36 thoughts on “Ethical Milk: Is it possible and what would it cost?

  1. 11:47 It should say "only 30% of the normal level of production for cows who are milked longer"

    15:32 Plus another $1.28 for bull care? It's not clear how much bulls really cost since their retirement would probably be lower maintenance than active milking.

  2. I worked for a goat dairy here in the Sonoran. We were you know sort of… Black market, I guess. But they functioned similarly to how you describe. We charged 10 dollars a gallon, and operated entirely by word of mouth with customers who came directly to us for product, and returned the glass containers every time without us even having a deposit program for it. It was a great operation, a real blessing to be a part of. I was shocked when I heard how unheard of it is to keep the kids with their moms. I was like "where else would we keep them?" So naive.
    Factory farming is the problem. It's horrific. I'm glad to see vegans who understand this. We can be allies.

  3. Don't forget to feed some of the chickens eggs back to them so they can regain lost nutrients from laying many more eggs than is natural for them to lay because we bred them like that, which is a danger to their health, there's a high risk of becoming egg bound etc

  4. I agree that it is ethical to be a vegetarian if you do not kill, steal from animal's kids (rations are allowed so long as their kid gets as much as it wants), allow the animal to have an ethical living situation (safe, without torture, healthy, and appropriate space and shelter), and treat animals with the same respect that you would treat yourself because they are consciously living, have the same emotional abilities as humans. From what I've found, animals have better emotions than most humans because they are more at peace with life due to better social relations and less stress/fear, and animals have acceptable group behavior because they can rely on their group so long as their group has harmony (i.e. suitable food, water, and living conditions that service peace and happiness for everyone).

  5. IT WAS NOT MEANT FOR US!! Why keep on making this complicated? Are you really freaking vegan? I used to like many of your videos and I love how you do your research, but your philosophy doesn't seem to go against speciesism, it promotes it.

  6. I know this is quite late but one comment I have that could offset these prices is the fact that we currently produce more milk than we can use. This is why cheese is so popular in the United States – why it is on everything rather than just a food in and of itself. We simply do not need this much milk and the only reason so much is produced is specific government subsidies for large farms (which smaller farms with well loved cows typically benefit less from. Thinking of a good friend of mine who was raised on a dairy farm and cared for and loved the cows deeply.) Government money could be redistributed to smaller farms who care for cows better and produce less milk thus offsetting their costs for caring for the cows and increasing their own standards of living. They could actually produce profit on cheaper milk with these subsidies. Bigger farms could downsize if they see that smaller farms are incentivized more by the government. We would have a correct amount of milk to reach demand, lower food waste from overproduction, and transform cheese from a condiment to a significant portion of a meal the way it was traditionally used. Redistribution of wealth from the rich and powerful who exploit for profit to the poor persons with less power who just work small farms out of survival and love for the animals is the hidden key to ethical dairy – or, indeed, all ethical business.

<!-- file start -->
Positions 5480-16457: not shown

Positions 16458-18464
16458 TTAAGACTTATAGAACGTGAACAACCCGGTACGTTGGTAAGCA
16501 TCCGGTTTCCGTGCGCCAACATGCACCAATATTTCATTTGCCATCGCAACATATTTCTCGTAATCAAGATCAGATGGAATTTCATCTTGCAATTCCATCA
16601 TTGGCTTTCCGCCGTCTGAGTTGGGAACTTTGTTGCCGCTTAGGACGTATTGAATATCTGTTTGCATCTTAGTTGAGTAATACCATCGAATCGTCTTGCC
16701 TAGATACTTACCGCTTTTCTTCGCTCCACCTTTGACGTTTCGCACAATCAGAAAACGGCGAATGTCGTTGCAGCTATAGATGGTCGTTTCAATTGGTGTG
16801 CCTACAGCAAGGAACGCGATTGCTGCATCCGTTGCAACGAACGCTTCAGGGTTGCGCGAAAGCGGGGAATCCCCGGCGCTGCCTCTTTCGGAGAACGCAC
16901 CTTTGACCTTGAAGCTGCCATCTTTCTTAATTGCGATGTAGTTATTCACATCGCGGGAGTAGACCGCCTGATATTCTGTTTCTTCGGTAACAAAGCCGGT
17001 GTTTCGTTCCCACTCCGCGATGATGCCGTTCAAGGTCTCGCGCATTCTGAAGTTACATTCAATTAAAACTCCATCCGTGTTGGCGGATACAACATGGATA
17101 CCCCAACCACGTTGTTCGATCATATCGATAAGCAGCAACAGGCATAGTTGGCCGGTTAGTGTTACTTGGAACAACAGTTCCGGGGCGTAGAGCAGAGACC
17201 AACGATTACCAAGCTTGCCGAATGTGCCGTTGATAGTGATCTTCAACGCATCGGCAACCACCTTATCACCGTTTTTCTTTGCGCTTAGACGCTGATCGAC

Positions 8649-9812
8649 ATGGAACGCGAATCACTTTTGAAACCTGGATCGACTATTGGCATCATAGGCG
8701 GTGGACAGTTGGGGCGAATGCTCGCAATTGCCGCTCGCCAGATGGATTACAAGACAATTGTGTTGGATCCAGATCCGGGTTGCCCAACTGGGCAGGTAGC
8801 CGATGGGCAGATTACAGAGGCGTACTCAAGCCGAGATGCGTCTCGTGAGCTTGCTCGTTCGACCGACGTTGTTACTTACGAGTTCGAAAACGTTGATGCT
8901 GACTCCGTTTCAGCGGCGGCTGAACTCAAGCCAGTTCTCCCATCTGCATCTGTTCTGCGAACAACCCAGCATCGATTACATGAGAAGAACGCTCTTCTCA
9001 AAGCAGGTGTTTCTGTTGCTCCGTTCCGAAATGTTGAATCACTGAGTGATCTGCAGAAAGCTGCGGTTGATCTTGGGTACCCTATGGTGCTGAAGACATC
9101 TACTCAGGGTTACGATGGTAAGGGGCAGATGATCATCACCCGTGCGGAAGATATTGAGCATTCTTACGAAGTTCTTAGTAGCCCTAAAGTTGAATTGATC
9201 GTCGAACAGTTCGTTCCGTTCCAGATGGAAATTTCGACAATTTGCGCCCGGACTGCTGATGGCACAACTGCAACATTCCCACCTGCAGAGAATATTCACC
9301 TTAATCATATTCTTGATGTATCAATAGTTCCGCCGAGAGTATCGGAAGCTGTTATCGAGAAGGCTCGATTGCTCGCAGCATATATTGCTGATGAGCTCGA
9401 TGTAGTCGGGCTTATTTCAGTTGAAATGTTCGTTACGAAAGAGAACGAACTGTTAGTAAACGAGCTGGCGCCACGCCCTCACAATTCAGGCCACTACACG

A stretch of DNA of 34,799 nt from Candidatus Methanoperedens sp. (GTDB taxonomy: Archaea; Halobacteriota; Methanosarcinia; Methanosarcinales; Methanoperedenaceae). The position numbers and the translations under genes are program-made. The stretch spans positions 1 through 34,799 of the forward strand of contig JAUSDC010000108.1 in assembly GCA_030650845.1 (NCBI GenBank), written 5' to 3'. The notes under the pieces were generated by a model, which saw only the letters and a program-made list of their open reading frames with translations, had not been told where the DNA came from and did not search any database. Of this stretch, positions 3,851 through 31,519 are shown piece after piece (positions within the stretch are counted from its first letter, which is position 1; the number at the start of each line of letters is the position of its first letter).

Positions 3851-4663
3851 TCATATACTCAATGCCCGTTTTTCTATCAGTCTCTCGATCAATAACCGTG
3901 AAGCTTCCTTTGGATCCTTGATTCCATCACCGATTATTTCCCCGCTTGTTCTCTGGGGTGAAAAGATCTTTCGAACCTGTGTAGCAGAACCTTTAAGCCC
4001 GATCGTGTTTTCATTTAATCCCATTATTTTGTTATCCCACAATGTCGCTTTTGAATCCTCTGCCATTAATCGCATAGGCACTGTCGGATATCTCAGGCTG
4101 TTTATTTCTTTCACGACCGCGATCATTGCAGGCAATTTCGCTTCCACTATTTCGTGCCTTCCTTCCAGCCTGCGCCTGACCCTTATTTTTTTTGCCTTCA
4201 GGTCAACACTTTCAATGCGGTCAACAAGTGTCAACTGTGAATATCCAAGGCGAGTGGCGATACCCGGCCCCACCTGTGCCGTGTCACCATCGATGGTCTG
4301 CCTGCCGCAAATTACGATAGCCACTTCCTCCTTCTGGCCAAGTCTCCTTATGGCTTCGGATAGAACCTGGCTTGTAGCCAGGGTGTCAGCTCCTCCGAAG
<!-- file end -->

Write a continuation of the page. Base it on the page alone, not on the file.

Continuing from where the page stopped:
7. It’s terrible that you dismiss them working off of donations as not sustainable without knowing for sure.

  8. By the way if they sold the milk at that price at the store right now I will go by it 100% and it’s not because I am rich because I’m not by what it’s worth to humans in the biggest picture of all is beyond priceless.

  9. Krishna Cow Sanctuary in Hawaii, Check them out please, and if you do it will be great if you did an update to this topic after. Thank you great work.

  10. You do realize that eggs don't really go to waste with chickens do you? I mean you realize that they will eat the unfertilized eggs to replenish their own sources of calcium and stuff, right? Chickens naturally do that.

  11. government subsidies are needed to keep even the large factory farm cow abusing industries going….stop the waste of taxpayers money is needed…just posted a comment on his page…"stop spending tax payers money on non essential industries ! if people are not buying milk stop subsidising it ! it is animal abuse and causing health cancers in humans additionally. hitler had a "family" the use of that argument to support farmers who should be producing HEALTHY foods people WANT to buy instead of subsiding animal abuse is ridiculous of you as a politician Mr Sanders. Wasting money wasting lives harming health. https://youtu.be/BLn-fupTwRk farmers are making a product the public do not want to buy ! and YOU suggest subsidising it ! " https://www.facebook.com/senatorsanders/ not finished with this…unliked him…and off to find the group that i belong to that supports him…